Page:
Nearly a decade after Bobby Huffaker launched American Exchange to help consumers connect with the exchanges created under the Affordable Care Act, the entrepreneur has started a new business to use data opened up under the 21st Century Cures Act to better inform and alert consumers of their options.
Huffaker's newest business, known as Directive Health, has raised several million dollars of capital to build the Chattanooga-based enterprise and help patients gain access and information to make better-informed decisions and, in the process, improve outcomes.
"The paradigm is shifting, and the days of the patients being towered over by their doctors and insurance companies is coming to an end," Huffaker said in an announcement of Directive Health. "Why have providers and payers been able to yield that power over the consumer? The answer, while complex, is actually quite simple. They owned your data, and data is power."
The Cures Act, designed to help streamline the development and delivery of drugs and medical devices to the market, also sought to give patients ownership of their data. The act prohibited information blocking that interferes with access to electronic health information about a patient's medical history or treatment.
Huffaker said his work in the health care industry in the past nine years has convinced him of the need for more patient access to health data and the best potential treatment options.
"The problem with the health care system now is that all of the data is siloed on the provider side of things and it doesn't allow the patient to be in control," Huffaker said. "What we're going to do is to advocate for the patient and help them understand their data."
In 2013, Huffaker founded American Exchange after Congress adopted the Affordable Care Act to help consumers understand and connect with affordable coverage plans offered through exchanges.
In the past nine years, American Exchange has grown into a multimillion-dollar business that has worked with hundreds of thousands of people, most of whom have signed up for one of the subsidized coverage plans offered through the Affordable Care Act, also known as Obamacare.
American Exchange, Huffaker said, yielded an impressive 4,800% return on investment for those who initially bought into the business.
Huffaker has now set his sights on the next step in improving individual health care with a direct-to-consumer model.
In a telephone interview, Huffaker said Directive Health will work to provide patients with their own information and educate them on how to make decisions to improve outcomes.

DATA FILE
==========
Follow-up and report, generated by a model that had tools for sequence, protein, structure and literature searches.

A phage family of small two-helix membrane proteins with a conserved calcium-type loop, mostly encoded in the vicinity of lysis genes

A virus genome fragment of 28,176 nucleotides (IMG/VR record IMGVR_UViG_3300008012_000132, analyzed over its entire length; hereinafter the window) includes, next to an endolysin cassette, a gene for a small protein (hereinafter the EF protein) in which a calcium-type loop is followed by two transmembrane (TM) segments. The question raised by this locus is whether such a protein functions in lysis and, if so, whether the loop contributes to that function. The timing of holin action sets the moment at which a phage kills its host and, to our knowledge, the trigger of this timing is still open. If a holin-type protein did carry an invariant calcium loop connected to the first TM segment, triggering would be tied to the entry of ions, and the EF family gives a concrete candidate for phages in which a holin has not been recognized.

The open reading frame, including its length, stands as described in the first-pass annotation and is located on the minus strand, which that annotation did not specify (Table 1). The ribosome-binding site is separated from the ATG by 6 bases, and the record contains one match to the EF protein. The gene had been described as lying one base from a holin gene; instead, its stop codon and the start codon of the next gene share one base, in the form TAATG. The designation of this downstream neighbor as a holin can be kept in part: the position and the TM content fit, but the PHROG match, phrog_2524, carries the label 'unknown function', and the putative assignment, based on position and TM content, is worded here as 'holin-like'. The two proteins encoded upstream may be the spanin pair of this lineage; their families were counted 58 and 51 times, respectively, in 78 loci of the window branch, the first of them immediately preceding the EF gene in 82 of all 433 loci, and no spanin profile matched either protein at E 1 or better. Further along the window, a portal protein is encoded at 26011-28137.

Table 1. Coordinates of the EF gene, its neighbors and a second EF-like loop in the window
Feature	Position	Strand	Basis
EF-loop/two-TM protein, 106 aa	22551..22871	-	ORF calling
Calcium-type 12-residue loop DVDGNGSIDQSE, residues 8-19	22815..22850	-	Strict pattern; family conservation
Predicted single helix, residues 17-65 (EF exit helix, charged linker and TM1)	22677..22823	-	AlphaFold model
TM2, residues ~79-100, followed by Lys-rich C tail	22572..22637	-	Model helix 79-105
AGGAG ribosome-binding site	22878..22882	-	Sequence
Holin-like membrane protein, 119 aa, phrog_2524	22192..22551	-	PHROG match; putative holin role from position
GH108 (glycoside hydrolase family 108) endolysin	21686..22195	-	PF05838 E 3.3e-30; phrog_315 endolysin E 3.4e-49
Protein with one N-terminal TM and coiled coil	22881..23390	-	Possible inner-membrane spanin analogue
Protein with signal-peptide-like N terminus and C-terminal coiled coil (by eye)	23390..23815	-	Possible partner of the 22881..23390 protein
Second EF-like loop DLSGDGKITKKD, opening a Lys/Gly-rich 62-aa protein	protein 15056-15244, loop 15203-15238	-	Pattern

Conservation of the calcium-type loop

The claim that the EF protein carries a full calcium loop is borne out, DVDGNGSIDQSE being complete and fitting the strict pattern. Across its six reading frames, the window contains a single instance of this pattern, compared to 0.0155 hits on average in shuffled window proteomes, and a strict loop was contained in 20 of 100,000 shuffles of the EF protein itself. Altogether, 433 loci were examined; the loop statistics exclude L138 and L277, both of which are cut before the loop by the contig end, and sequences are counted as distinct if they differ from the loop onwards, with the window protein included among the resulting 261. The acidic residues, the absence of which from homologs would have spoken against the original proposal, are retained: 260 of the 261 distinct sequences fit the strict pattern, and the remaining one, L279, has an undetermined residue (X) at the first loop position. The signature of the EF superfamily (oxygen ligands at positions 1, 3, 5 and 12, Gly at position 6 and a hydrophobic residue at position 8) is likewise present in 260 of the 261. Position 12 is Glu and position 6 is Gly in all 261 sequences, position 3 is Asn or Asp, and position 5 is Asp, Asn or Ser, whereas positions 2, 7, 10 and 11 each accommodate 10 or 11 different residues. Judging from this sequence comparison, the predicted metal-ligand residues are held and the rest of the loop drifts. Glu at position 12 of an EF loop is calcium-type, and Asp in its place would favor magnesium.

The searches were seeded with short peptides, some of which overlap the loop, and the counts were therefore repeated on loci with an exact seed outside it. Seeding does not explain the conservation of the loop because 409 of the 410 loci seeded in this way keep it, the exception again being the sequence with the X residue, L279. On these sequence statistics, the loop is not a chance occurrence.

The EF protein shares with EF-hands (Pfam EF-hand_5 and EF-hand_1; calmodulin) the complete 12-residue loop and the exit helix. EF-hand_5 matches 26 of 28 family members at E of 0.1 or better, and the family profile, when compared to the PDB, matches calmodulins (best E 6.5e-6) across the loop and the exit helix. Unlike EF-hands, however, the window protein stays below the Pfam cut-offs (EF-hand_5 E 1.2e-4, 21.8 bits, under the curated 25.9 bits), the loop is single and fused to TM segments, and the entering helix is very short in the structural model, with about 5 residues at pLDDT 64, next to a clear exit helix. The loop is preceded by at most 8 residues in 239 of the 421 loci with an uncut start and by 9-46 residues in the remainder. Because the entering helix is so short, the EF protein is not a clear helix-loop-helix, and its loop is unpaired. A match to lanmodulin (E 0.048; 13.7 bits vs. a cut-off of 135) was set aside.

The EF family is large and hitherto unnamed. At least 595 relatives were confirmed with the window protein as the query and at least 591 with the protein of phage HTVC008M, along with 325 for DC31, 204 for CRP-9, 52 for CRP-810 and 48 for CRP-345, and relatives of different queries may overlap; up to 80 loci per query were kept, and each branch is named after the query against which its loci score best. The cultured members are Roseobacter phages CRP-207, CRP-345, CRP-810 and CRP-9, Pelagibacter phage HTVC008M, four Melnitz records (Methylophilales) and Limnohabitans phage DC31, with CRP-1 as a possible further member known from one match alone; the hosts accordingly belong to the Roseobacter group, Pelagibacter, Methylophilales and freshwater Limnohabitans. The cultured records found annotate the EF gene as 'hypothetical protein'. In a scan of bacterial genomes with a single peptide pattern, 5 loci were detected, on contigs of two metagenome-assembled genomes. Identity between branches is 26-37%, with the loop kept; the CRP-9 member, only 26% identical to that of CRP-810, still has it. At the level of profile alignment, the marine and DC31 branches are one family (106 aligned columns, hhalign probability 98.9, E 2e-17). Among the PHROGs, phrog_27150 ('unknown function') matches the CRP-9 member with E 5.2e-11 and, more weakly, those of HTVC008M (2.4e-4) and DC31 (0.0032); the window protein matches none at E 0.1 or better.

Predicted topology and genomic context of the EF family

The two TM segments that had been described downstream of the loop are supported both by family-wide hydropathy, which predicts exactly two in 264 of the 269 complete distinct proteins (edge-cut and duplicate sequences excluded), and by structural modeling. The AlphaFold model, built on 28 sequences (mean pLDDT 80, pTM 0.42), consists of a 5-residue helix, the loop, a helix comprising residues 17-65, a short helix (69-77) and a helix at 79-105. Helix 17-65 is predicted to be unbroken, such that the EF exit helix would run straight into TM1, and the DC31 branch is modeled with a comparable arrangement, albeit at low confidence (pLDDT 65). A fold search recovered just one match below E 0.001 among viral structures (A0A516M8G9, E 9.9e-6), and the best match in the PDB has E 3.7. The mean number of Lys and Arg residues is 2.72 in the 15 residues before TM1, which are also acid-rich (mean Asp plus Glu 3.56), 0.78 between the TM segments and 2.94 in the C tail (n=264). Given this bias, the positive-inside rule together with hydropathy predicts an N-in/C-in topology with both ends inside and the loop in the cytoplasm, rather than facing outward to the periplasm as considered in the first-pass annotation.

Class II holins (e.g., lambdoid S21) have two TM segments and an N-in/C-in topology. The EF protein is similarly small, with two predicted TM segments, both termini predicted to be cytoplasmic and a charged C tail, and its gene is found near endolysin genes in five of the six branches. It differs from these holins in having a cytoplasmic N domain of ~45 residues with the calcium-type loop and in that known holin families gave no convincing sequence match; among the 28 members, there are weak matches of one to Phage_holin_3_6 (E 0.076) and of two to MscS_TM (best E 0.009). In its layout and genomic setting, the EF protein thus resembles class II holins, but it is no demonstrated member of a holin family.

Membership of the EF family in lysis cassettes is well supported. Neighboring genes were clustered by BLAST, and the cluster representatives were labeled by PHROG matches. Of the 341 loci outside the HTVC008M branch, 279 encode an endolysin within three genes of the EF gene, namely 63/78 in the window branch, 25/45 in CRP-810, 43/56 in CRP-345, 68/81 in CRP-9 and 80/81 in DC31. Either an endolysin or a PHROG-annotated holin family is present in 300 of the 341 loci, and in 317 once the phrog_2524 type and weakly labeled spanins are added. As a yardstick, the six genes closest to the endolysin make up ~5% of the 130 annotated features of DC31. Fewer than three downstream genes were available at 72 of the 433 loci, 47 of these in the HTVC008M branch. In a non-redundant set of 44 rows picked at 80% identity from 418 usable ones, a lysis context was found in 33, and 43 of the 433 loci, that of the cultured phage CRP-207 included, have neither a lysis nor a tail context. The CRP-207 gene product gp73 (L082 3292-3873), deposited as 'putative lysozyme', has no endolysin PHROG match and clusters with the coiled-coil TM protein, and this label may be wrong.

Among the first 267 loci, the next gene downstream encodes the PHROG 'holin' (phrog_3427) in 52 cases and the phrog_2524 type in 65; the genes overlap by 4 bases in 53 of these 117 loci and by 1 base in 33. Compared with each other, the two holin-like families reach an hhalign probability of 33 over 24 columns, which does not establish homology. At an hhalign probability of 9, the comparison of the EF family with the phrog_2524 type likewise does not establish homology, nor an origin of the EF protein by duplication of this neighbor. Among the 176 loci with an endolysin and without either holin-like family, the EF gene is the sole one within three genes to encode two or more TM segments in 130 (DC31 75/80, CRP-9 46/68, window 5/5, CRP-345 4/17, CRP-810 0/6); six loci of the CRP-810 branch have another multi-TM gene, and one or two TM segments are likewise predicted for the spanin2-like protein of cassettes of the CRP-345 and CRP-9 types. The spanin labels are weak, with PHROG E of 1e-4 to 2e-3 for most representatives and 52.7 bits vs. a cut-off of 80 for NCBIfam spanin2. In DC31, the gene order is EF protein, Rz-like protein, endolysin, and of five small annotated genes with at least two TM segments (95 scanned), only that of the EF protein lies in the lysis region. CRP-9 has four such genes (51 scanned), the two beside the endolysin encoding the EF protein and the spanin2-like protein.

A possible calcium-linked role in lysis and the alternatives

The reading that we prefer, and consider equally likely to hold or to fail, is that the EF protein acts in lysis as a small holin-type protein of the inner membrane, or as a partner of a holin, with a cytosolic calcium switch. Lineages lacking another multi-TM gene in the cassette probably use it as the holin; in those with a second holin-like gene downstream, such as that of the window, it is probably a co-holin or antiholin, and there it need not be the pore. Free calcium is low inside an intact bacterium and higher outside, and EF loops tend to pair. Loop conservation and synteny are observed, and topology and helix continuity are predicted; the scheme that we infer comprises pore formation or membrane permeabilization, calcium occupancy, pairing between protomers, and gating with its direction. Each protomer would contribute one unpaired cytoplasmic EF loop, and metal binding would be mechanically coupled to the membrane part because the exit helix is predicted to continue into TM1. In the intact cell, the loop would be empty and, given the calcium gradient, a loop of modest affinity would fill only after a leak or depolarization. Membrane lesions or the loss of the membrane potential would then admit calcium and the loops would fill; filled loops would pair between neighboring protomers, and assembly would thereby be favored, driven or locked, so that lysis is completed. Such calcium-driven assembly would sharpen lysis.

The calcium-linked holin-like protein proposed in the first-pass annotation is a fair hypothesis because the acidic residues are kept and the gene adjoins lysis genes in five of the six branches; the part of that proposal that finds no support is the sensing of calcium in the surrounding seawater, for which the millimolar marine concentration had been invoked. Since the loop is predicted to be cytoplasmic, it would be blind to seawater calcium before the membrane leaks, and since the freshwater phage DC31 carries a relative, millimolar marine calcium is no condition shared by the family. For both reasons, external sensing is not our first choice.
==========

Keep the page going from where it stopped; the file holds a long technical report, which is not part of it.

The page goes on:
Through artificial intelligence and machine learning, 22 million patient outcomes will be analyzed to develop ways to alert and educate patients about treatment options. Once developed, those in the program will get text messages to aid them through their health care options.
"We're going to send them notifications on their phone about what they could or couldn't do to help their health," Huffaker said. "We're also going to build our own provider network with doctors to be on call to help patients at any time and help people better consume health care."
The new enterprise is still taking shape, and software, systems and networks are being built to capitalize on the growing body of artificial intelligence available now in medicine.
Huffaker said he hopes to have the program ready for download in about three months.
He said he is still developing different funding models for Directive Health but he envisions providing the information to consumers free of charge - often a sign in the technology sector that someone else is paying for access to consumer data.
To build the new company, Huffaker hired a veteran financial tech and health business leader, David Frazier, to serve as CEO.
Frazier has taken several companies through startup stages to multimillion-dollar companies and helped build the lending platform Lendio into a major facilitator of small business loans.
Among the 15 employees now hired for Huffaker's startup company is Ratna Dhavala, who worked for nearly nine years in Massachusetts as a leader for the state's Health Information Exchange. That exchange was one of the first of its kind and has been the template used by many businesses across the country. Dhavala will serve as chief technology officer for Directive Health and help build a technical team to lead the company's technical production and development.
Chris Tapley, the new chief operating officer for Directive Health, previously worked at Huffaker's American Exchange.
Huffaker said Directive Health is still hiring and still looking for investors who have an interest in health care "and want to be part of something bigger than themselves that will help millions of lives achieve better outcomes."